Thursday, September 3, 2020

"I Don't Think Man Should Sleep Alone" by Ray Parker, Jr.

Song#:  3246
Date:  08/29/1987
Debut:  88
Peak:  68
Weeks:  7
Genre:  R&B

Pop Bits:  After hitting #1 with his "Ghostbusters" theme song, Parker had difficulty trying to get back into the Top 10 at both R&B and Pop. A hits package, studio album, and another soundtrack song all failed in getting the job done. Parker then switched labels to Geffen and gave it another go with his fourth solo effort After Dark. This first single was released and the news was half 'n' half. The song was embraced by R&B and became Parker's fifth Top 10 getting to #5. Unfortunately, it didn't click as well at Pop and the song failed to even crack the Top 50. It was also a minor entry at AC at #42. A follow-up single, "Over You, a duet with Natalie Cole, was able to get to #10 at R&B and #38 AC, but it failed to chart at Pop. While the pair of R&B Top 10s helped to sell a few albums, After Dark couldn't get near the gold-level sales of his 1982 debut LP The Other Woman (#1 R&B/#11 Pop). This track would be Parker's last solo single to reach the Pop chart.

ReduxReview:  Signing up with Geffen seemed to have afforded Parker with the chance to record without having the commercial ghost of "Ghostbusters" haunting him. So for After Dark Parker attempted to get back to the adult-leaning soul of his Raydio days and it worked out pretty well with this track returning him to the R&B Top 10. However, the silky soul track didn't get much support from pop radio and it just wasn't able to catch on. The track was one of Parker's better post-"Ghostbusters" efforts and it probably should have at least cracked the Top 40. Since it didn't, then his duet with Natalie Cole, "Over You," was completely overlooked (Parker co-wrote that tune with Burt Bacharach and Carole Bayer Sager). What was nice about After Dark was that it didn't sound forced. I'm sure Parker was pressured for a while after "Ghostbusters" to make another hit and that resulted in some b-grade attempts that pretty much failed. With a new label and some of the pressure relieved, Parker proved here that he could still pen a pretty good soul track.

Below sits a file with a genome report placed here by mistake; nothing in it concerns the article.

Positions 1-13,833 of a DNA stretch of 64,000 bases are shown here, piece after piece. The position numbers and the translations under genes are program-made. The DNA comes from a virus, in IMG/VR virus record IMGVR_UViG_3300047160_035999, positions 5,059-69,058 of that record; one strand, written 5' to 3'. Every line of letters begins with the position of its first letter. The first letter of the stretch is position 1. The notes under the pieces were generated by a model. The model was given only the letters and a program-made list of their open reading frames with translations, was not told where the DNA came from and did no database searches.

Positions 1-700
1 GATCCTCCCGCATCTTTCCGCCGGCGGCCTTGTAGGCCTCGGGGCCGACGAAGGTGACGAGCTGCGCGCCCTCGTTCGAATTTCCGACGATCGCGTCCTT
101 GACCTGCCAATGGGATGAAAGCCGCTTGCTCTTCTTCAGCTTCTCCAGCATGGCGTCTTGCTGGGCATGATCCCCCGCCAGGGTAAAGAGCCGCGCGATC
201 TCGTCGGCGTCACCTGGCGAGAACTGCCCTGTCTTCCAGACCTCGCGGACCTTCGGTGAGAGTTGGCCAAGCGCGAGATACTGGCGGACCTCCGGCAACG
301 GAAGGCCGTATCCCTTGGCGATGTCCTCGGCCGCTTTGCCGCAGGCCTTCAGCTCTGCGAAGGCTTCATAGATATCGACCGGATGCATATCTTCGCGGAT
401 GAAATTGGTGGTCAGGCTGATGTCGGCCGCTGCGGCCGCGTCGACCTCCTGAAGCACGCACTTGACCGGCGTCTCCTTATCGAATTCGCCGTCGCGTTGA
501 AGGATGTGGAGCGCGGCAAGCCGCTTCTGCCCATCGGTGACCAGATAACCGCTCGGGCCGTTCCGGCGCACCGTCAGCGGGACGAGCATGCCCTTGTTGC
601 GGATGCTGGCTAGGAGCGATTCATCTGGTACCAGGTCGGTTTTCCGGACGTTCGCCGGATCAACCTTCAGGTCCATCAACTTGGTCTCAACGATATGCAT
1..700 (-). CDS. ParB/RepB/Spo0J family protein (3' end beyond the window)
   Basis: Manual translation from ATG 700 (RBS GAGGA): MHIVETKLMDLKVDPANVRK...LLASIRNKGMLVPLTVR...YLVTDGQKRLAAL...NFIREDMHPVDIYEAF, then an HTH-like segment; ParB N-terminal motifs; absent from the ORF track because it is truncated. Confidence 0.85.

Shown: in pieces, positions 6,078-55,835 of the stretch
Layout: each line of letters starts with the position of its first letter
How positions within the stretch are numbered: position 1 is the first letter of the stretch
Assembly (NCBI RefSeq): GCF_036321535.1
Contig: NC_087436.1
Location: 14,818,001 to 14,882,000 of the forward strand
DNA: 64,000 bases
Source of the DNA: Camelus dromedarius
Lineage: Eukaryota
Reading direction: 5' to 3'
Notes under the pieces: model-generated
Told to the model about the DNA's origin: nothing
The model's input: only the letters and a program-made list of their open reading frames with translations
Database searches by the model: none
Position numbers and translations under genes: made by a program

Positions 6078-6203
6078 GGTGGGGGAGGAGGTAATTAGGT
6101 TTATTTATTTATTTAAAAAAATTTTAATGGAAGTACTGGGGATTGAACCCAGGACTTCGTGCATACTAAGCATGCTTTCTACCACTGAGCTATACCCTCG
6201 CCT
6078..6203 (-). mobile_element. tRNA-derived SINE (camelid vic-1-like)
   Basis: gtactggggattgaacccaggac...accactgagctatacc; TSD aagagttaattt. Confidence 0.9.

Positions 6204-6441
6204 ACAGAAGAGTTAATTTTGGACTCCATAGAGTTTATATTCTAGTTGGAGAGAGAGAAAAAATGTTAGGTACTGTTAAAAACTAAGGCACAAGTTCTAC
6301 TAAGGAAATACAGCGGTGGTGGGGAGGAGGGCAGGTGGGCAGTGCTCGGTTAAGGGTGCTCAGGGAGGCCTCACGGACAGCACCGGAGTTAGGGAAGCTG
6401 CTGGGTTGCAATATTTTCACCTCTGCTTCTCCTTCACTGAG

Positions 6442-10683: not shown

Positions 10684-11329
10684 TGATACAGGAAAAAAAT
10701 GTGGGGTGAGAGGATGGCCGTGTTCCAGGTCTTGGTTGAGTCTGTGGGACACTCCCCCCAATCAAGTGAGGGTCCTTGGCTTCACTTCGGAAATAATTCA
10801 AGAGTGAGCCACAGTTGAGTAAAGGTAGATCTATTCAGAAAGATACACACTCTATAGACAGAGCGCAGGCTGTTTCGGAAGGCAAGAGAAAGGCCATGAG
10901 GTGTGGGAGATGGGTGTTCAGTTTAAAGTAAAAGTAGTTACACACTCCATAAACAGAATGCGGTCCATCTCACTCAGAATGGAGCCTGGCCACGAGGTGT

ReduxRating:  6/10

Trivia:  Although he wouldn't have another solo song reach the Pop chart, Parker did get a final Top 40 entry in a "featuring" role. Parker would co-write, produce, and perform on the song "All I'm Missing Is You" for singer Glenn Medeiros. The song would appear on Medeiros' 1990 self-titled album and it would be released as the LP's second single. It would reach #32 on the Pop chart. Parker would get one more single on the R&B chart in 1991 and that closed out his charting career. He wouldn't record another album until 2006 when he issued out the indie effort I'm Free.


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